Because the subject matter of Lincoln's life is one that could easily fill the screen ten times over, this particular film is based in part on Doris Kearns Goodwin's biography called "Team of Rivals: The Political Genius of Abraham Lincoln" and covers the final four months of Lincoln's life, focusing on the President's efforts in January 1865 to have the Thirteenth Amendment which would formally ebolish slavery to the United States Constitution passed by the United States House of Representatives. Expecting the Civil War to end very shortly but concerned that his 1863 Emancipation Proclamation may be discarded by the courts once the war has concluded and the 13th Amendment defeated by the returning slave states, Lincoln feels considers it gravely imperative to pass the amendment by the end of January, thus removing any possibility that slaves who have already been freed may end up being re-enslaved. The Radical Republicans fear the amendment will merely be defeated by others who wish to delay its passage.

(are you getting all of this so far??)

The support of the amendment by Republicans in the border states is not yet assured either, since they prioritize the issue of ending the war. And even if all of them are ultimately brought on board, the amendment will still require the support of several Democratic congressmen if it's to inevitably pass. With dozens of Democrats having just become lame-ass ducks after losing their re-election campaigns in the fall of 1864, some of Lincoln's advisors believe that he should wait until the new Republican-heavy Congress is seated, presumably giving the amendment an easier road to passage. Lincoln, however, remains persistently adamant about having the amendment in place and the issue of slavery settled before the war is concluded and the southern states are readmitted into the Union. The amendment approaches the critical vote on the House floor and at the moment of truth, Thaddeus Stevens (played by Tommy Lee Jones) decides to moderate his strict and passionate statements about racial equality to help the amendment's chances of passage. The vote proceeds and narrowly passes by a margin of only two votes. History is made and we've watched it happen because of a good man's and an effective President's dream.

All of this, of course, is history that any curious and tenacious person could look up for themselves and discover how much of it is truly accurate to the letter. LINCOLN as a film also serves to show us a little bit of who the man was a husband to an ill wife Mary Todd (played by Sally Field) and the father of two boys (you know, I'm not even sure I knew Lincoln had any children before this film!). The powerful performance by English actor Daniel Day-Lewis (replacing originally cast Liam Neeson) as President Lincoln shows us not only a stressful commander-in-cheif who must contend with the most challenging obstacle of his career but also a man who, at many times, is an avid storyteller with a sociable sense of humor. The long stretches of inspiring dialogue and the camera's close-up shots at each time may very well seem predictable when you're telling a historical tale like this one, but it's easily overlooked when you're watching Lewis on screen deeply immersed and invested in his character and you can actually feel like you have the legendary Mr. Lincoln sitting right in front of you. This is pure triumphant historical drama at its best...and its best is commanded by none other than the great Steven Spielberg. In today's cinematic world of comic book crap, one cannot avoid to take such artistic endeavors seriously (thank goodness I still do!).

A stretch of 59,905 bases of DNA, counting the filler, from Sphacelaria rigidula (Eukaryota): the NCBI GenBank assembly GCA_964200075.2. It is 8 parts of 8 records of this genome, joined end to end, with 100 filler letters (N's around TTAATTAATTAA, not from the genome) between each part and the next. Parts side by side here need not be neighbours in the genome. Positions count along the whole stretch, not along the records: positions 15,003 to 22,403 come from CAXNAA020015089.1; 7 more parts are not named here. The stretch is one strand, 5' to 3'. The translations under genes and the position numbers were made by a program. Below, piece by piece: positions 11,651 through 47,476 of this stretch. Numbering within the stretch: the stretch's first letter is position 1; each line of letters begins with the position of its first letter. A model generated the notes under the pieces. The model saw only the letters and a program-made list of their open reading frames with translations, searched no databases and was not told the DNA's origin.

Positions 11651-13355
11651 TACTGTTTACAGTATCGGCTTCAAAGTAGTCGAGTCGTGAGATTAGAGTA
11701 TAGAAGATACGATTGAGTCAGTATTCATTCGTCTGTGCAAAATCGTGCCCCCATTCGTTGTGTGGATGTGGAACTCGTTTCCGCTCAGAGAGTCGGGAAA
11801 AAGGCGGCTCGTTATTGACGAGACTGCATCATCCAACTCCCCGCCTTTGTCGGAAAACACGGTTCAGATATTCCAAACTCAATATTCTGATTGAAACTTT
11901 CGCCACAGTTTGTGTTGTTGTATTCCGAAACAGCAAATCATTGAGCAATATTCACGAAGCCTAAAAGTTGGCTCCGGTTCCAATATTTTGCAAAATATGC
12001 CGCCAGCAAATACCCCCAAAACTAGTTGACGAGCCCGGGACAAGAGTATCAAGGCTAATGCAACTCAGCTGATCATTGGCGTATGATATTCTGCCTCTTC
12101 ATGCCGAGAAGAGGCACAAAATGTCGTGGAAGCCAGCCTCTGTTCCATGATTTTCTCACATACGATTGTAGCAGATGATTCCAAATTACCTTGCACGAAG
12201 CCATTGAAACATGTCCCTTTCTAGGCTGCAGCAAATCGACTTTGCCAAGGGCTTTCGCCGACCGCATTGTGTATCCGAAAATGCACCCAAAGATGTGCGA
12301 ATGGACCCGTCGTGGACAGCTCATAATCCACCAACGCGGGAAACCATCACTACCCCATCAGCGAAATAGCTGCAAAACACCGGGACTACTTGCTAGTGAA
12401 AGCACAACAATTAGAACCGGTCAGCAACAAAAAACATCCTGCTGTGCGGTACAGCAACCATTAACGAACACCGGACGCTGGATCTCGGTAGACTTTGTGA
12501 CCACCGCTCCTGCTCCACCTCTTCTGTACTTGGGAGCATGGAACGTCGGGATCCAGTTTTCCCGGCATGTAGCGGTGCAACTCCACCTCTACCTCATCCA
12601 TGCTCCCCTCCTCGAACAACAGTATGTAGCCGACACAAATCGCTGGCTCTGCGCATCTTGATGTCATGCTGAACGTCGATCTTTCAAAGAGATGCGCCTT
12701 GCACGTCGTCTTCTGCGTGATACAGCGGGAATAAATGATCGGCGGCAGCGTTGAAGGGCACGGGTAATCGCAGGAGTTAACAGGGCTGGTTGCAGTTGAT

But wait...even the great Spielberg is not without flaw in this film and I'll tell you why. The moment when we learn that Lincoln has been shot just doesn't sit right with me. The last time we see the man alive, he's won a great victory over the Representatives and over slavery. We watch him walk down a long corridor and slowly fade out of sight to what we already know will become his ultimate fate. Right then and there the film should have faded out and gone right to end credits. If, on the other hand, you're going to open "Pandora's Box" on his assassination and his death, then for Christ sakes, treat us to the big event in its entirety instead of only hinting at its occurrence. In other words, give me all or give me nothing!

Favorite line or dialogue:

Abraham Lincoln: "It was right after the revolution, right after peace had been concluded, and Ethan Allen went to London to help our new country conduct its business with the king. The English sneered at how rough we are and rude and simple-minded and on like that, everywhere he went. 'Til one day he was invited to the townhouse of a great English lord. Dinner was served, beverages imbibed, time passed as happens and Mr. Allen found he needed the privy. He was grateful to be directed to this. Relieved, you might say. Mr. Allen discovered on entering the water closet that the only decoration therein was a portrait of George Washington. Ethan Allen done what he came to do and returned to the drawing room. His host and the others were disappointed when he didn't mention Washington's portrait and finally his lordship couldn't resist and asked Mr. Allen had he noticed it. The picture of Washington. He had. Well what did he think of its placement? Did it seem appropriately located to Mr. Allen? And Mr. Allen said it did. The host was astounded. "Appropriate? George Washington's likeness in a water closet?" "Yes," said Mr. Allen, "where it will do good service. The world knows nothing will make an Englishman shit quicker than the sight of George Washington." I love that story."